Having known friends, family, colleagues who have been raped or fallen prey to some form of sex assault I had always vowed that if it ever happened to me I would come forward and pursue the matter. After all, I didn’t rape anyone so what did I have to be ashamed of? I should point out that I am not a big drinker, and probably on average get drunk about 3 or 4 times a year. I dress conservatively and try hard not to draw attention to myself. I am married, have a teen aged daughter a professional job and am a home owner. I am also now further proof that anyone is vulnerable to rape or sexual assault.

I was examined by the forensic doctor after 11 that evening. I was not thrilled about being examined by a man considering the circumstances but was already aware at how much time had passed and how important this exam was to find my attacker. He took my blood and while doing so informed me that drug rape was an urban myth and that no case had ever been linked with rohypnol when I asked about the possibility of it still showing up in my system. I have since learned that it is very hard for rohypnol to be found since it leaves the system very quickly which is why it is commonly used for rape. GHB, or liquid ecstasy is similar. Later in the exam he told me to stop crying and tried to joke with me that it was like having a manicure while he swabbed under my fingernails for traces of my attacker. I cried even harder. He was also growing increasingly frustrated that I was unable to relax while I was being swabbed and that by that point I was sobbing uncontrollably.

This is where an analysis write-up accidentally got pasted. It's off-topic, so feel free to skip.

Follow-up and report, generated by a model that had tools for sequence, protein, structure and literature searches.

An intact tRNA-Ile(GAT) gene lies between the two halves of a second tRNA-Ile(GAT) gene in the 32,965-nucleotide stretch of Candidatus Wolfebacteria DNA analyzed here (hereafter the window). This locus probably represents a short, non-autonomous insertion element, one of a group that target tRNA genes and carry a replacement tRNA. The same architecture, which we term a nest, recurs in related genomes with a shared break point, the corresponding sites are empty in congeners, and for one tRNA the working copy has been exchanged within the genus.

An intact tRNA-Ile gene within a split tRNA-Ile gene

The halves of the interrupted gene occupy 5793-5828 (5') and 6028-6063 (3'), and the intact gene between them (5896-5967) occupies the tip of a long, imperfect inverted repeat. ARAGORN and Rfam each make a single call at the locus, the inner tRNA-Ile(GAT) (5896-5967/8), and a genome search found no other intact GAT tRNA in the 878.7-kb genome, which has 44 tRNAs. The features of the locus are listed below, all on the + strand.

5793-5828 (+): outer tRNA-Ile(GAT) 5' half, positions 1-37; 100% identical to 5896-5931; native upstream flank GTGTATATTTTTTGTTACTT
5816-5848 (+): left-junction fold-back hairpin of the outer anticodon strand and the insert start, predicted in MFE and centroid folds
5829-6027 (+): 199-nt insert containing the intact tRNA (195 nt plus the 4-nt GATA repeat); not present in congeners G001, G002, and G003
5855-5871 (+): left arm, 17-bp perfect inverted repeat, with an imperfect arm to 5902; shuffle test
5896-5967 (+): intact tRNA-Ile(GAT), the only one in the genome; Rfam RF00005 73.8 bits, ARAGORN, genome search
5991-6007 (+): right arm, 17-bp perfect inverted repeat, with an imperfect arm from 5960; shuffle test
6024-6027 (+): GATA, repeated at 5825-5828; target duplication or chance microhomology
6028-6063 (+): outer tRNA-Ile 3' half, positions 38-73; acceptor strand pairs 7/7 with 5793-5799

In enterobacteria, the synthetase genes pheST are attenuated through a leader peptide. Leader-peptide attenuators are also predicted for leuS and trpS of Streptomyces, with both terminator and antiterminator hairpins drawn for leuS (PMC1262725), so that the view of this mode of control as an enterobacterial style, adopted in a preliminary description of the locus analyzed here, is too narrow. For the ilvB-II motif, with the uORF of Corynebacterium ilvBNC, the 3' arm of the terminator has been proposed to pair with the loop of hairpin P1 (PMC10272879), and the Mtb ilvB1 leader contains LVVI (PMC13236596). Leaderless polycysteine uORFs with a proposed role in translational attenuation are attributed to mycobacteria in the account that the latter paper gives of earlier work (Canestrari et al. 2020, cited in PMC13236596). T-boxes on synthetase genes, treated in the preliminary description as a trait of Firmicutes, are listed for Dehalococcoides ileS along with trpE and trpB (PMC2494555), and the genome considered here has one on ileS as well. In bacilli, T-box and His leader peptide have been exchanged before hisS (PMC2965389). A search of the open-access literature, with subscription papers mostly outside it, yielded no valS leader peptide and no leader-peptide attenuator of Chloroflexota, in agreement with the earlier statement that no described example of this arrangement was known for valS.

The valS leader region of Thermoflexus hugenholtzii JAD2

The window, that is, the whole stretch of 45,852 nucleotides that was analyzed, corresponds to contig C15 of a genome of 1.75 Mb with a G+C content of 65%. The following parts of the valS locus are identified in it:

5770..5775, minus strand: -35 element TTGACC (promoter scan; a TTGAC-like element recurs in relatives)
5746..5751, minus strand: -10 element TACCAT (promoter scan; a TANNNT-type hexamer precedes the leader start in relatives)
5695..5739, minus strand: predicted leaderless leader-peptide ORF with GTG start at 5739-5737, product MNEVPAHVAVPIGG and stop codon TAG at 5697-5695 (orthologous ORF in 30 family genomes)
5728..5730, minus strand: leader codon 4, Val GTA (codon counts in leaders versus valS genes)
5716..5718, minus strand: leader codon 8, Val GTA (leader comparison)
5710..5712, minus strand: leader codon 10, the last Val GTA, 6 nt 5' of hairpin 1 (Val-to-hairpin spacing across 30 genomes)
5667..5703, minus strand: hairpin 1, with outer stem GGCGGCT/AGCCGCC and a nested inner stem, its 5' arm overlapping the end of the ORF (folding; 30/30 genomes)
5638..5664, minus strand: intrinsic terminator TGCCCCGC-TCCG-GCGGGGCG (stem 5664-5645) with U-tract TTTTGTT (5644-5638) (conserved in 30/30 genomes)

If being raped in itself was a dreadful experience, my dealings with the Islington Police Sapphire Unit were in some ways more harrowing and traumatic. The Sapphire Unit was a special unt specifically trained to handle rape cases. If this unit was trained to deal with rape, I hated to think what the other departments were like. I had a detective constable (or DC as they are called in the UK) who treated me with doubt and suspicion from the outset and who almost seemed to find sadistic pleasure in ringing me up at work and leaving me in a tearful state. Afraid they wouldn’t do their jobs properly I was afraid to make trouble so had my husband contact the police liaison to see if she could deal with me exclusively since the DC had a tendency to upset me. The police liaison agreed with my husband that some people found the DC’s manner a bit brusque and intimidating and assured him that she would look into.